As you may know, this month Vermont experienced a “thousand year flood” that left many of our communities literally underwater. Up at Sky Meadow, we and the animals are safe and the land was spared the worst. Our hearts are broken for our neighbors who have experienced catastrophic damage from these floods. We know the power and terror of Mother Nature, and how one weather event can change everything overnight. We welcome you to join us in supporting relief efforts such as the emergency fundraiser by Vermont Community Foundation, as well as The Civic Standard, which has been on the ground doing incredible work in our local town of Hardwick. Funds like these will provide badly-needed help to families, farmers and local businesses who have been hit by the floods, as they begin to clean up and regroup.

The ponds are about as full as they’ve ever been, but thankfully, did not spill over in the flood.

Unprecedented weather notwithstanding, July is a beautiful time in Vermont. It’s the time of year when the land really rewilds itself, exploding in a symphony of lush greenery and wildflowers. As a gardener it can get a bit stressful as the weeds encroach and the harvests start coming in faster than you can keep up. But the hard work has its own rewards too. There are fresh raspberries to enjoy (and squirrel away in the freezer for later) and beautiful blooms to grace vases inside. Not to mention all those gorgeous fresh veggies to share with our summer guests!

In the Vegetable Garden

In the garden, the pea and garlic scape harvests have come and mostly gone, and we’ve started bringing in some of the earlier brassicas. Garlic is about to come out soon β€” around 500 heads! No tomatoes or peppers just yet, but we know they’re on the way, along with the first wave of zucchini and summer squash. Carrots, onions and potatoes are still in the ground to get a little bigger before we harvest them next month. And that doesn’t even touch what’s growing in our Three Sister’s garden β€” more on that special project here. πŸ™‚ All in all, it’s been a busy and bountiful summer so far, with plenty more harvests to come.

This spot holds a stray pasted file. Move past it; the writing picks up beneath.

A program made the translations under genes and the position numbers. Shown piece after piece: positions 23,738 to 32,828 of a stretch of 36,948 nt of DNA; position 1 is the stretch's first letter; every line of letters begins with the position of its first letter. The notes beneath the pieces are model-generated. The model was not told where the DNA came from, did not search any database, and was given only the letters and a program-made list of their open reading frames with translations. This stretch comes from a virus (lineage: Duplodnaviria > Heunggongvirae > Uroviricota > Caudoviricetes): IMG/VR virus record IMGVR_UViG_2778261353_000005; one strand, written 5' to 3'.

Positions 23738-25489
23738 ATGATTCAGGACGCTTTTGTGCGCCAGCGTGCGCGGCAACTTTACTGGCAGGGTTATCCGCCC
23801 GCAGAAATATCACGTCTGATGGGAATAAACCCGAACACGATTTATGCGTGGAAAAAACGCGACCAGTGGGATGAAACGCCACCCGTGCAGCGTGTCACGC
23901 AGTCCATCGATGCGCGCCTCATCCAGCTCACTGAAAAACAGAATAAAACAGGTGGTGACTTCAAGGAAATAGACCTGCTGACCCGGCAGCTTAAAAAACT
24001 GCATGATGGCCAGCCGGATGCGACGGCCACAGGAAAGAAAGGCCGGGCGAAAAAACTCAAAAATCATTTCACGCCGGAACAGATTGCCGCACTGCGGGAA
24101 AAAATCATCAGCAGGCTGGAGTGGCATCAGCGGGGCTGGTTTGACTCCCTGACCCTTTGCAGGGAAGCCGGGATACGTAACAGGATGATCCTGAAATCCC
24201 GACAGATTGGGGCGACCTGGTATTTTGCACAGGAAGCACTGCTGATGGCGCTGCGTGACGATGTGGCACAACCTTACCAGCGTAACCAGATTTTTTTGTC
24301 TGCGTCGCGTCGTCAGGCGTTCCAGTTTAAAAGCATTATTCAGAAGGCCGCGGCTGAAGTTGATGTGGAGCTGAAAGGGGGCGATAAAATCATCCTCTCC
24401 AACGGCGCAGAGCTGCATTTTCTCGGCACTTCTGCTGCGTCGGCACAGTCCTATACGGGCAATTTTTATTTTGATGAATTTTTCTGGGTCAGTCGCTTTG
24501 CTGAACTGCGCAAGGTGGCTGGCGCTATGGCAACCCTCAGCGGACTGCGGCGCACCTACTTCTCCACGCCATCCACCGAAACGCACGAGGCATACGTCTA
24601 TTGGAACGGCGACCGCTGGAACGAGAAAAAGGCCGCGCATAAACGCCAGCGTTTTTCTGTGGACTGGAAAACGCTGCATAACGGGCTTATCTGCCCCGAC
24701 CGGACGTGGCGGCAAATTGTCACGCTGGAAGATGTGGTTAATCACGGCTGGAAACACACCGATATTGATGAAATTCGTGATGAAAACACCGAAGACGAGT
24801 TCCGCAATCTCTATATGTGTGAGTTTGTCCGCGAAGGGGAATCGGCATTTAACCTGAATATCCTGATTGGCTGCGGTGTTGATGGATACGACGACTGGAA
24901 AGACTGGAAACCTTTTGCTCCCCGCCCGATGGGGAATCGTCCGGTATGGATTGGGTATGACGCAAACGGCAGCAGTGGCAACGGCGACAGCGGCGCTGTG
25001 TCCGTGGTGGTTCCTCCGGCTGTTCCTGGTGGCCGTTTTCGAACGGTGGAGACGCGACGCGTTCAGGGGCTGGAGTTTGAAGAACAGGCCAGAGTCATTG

We grew shelling peas this year for the first time, and wow are they ever a huge difference from store-bought! I’ve only ever had frozen or canned peas until now, and the taste of homegrown ones is totally worth the extra bit of work. We’re also growing romanesco for the first time, which neither of us have ever eaten, but we couldn’t resist trying it out β€” look how gorgeous it is!

Romanesco’s fractal patterns make it look like it’s been photoshopped β€” but nope, that’s just how it grows.

In the Pasture

All the animals are doing well and up to their usual antics. The alpacas and sheep keep themselves busy grazing, exploring, and generally enjoying that free range life. Our sweet sheep are getting on in years, and don’t seem to enjoy the heat too much. They much prefer to graze early in the morning and later in the evening, and spend the afternoon lounging in the shade. Not such a bad life, if you ask me! πŸ™‚

Our chicks that hatched last month are growing at an incredible pace! Sometimes they seem to literally double in size overnight. Now almost 7 weeks old, they no longer sleep in their ground-level nest and now roost right next to Mama and the other big hens. It’s only a matter of time before they become more independent and no longer follow their mother everywhere.

The chicks’ first night roosting just like the big birds with Mama was extremely adorable.

The best part of raising chicks with a broody hen right in the main coop is how seamlessly they integrate into the rest of the flock. Many people have separate brooding coops for this, presumably to avoid other chickens being aggressive toward mama and babies. We took a hybrid approach of having a secure, separate area for them within the coop during the first several days, and then gradually allowing them to free-range and mingle with the rest of the flock. We found this worked quite well for our set-up. Our other flock members aren’t super aggressive, and it was clear that Mama Hen wasn’t letting them get closer than she was comfortable with anyway. As they got bigger she was more and more inclined to let them forage right alongside “Grandma Pumpernickel” and “Auntie Beebs.” So cute.

So fun seeing their different plumages and personalities emerge.
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